Business

Tempe company paves the way in nuclear medicine

Serva completed the Mayo Clinic and ASU MedTech Accelerator

Posted 7/14/22

A Tempe company is paving the way in the field of nuclear medicine – and just got a boost from Arizona State University and the Mayo Clinic to keep its research going. 

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Business

Tempe company paves the way in nuclear medicine

Serva completed the Mayo Clinic and ASU MedTech Accelerator

Posted

A Tempe company is paving the way in the field of nuclear medicine – and just got a boost from Arizona State University and the Mayo Clinic to keep its research going. 

Serva started as an energy company but has recently expanded to include Serva Medical, which is specializing in the development of medical isotopes to use in the nuclear medicine field. The field has been around since the 1940s and 1950s when iodine was first used in medicine; a PET scan is a prime example of the field’s practical use. 

According to Sarah Jones, Vice President for Serva Medical, the U.S. is beginning to make investments in the growing field. The U.S. Department of Energy invested over $85 million in nuclear medicine research into isotopes last year, she said. 

“What our software does essentially, is we can put in any radio isotope and tell you what all the pathways are to develop that, which is something that normally would have taken months to years to research and explore and put together,” she said, adding that some have shown promise in cancer treatment. “We can now do it in minutes and we do that for different isotopes. 

The biggest issue at hand is a lack of supply, according to Jones.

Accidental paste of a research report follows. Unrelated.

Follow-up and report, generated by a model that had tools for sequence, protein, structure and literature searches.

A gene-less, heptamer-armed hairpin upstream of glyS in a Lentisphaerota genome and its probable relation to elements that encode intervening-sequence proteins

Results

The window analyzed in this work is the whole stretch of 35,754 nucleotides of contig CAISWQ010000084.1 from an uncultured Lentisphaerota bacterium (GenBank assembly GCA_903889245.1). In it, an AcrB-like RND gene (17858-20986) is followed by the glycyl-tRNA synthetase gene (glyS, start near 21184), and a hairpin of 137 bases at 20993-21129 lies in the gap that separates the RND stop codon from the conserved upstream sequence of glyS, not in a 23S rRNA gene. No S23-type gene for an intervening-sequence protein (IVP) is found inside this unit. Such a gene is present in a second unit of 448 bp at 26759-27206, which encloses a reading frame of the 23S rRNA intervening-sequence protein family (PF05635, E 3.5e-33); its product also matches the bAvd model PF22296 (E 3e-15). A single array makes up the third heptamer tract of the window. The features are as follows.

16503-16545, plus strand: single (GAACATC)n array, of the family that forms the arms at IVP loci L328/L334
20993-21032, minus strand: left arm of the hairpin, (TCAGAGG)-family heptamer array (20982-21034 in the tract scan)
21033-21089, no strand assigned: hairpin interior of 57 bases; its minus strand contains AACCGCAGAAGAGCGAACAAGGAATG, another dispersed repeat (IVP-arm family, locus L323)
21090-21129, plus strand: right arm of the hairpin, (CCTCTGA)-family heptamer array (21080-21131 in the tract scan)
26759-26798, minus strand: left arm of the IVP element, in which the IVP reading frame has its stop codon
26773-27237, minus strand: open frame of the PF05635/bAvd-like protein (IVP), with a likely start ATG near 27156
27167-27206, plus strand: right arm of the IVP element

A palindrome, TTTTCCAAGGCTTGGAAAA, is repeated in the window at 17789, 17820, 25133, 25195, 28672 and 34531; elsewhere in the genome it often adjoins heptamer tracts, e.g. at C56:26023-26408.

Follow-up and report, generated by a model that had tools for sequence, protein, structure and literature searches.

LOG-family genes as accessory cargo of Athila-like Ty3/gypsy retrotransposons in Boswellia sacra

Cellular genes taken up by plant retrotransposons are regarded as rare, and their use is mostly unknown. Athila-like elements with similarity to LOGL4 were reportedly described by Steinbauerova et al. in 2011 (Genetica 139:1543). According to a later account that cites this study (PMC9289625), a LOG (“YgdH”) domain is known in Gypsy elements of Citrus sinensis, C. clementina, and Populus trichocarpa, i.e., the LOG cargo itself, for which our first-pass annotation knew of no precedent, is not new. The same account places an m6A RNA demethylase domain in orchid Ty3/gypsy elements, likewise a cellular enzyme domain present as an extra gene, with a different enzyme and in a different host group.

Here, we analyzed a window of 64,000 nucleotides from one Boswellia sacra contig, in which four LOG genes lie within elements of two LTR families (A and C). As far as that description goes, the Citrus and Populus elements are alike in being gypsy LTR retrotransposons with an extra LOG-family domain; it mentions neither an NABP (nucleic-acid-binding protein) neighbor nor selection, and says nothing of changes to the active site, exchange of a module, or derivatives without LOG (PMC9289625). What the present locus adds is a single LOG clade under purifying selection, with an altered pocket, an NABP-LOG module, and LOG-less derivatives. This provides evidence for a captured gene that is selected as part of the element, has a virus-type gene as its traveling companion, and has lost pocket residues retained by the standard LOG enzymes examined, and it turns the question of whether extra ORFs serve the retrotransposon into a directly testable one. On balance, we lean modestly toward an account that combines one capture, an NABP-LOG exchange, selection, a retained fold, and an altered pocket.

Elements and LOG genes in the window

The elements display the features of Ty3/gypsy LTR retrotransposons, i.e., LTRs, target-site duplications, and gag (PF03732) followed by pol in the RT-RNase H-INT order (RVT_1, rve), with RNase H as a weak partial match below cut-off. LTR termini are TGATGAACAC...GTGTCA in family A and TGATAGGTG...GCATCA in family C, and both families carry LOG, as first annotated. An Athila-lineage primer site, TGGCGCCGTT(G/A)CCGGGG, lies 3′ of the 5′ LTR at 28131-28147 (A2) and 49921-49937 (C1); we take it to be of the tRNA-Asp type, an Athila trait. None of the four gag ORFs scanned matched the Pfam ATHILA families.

“Currently, there's not enough supply to even supply the researchers let alone if they were to fulfill its promise and then be out there and be treating patients with,” she said. “So we have identified a pathway to develop that. We've modeled that and we're currently in the process of testing that in the labs and hope to have the proof of concept on that by early fall.”

While Jones said the research is still in its early stages, Serva’s participation in the third annual Mayo Clinic and ASU MedTech Accelerator has certainly given the new medical vertical a much-needed boost. The company completed a two-week intensive in April and will go to another event in October. 

“For us, it really accelerated and amplified our thinking around what we wanted to do with this vertical,” she said. “Now we're looking at whether it makes sense for us to actually spin out Serva Medical as a separate entity, a separate subsidiary, and do some fundraising just in that space. So we're looking at options to do that. It really is just the exposure that we got. We were really able to connect with people and understand this business to a degree that we had not before and we see there's lots of opportunity.”

Jones said Serva was hoping to raise $2 million from investors in a difficult stock market, but received $6 million in offers following their presentation. In the end, the company took in just $3 million to keep shares of the company intact. 

Serva has been based in Tempe since its inception and its founders Ian Horvath and Dr. Terry Alford both have strong ties to ASU, Horvath as an alum who dreamed up the company while in school and Alford as a professor at the university. 

Even as the company grows, Jones said Serva plans to stay put in Tempe. Serva Energy’s headquarters are located at  2111 S. Industrial Park Avenue. 

“Tempe has always been a great home for us,” she said. 

Tempe, Arizona, Serva Energy, Serva Medical, business, Arizona State University, Mayo Clinic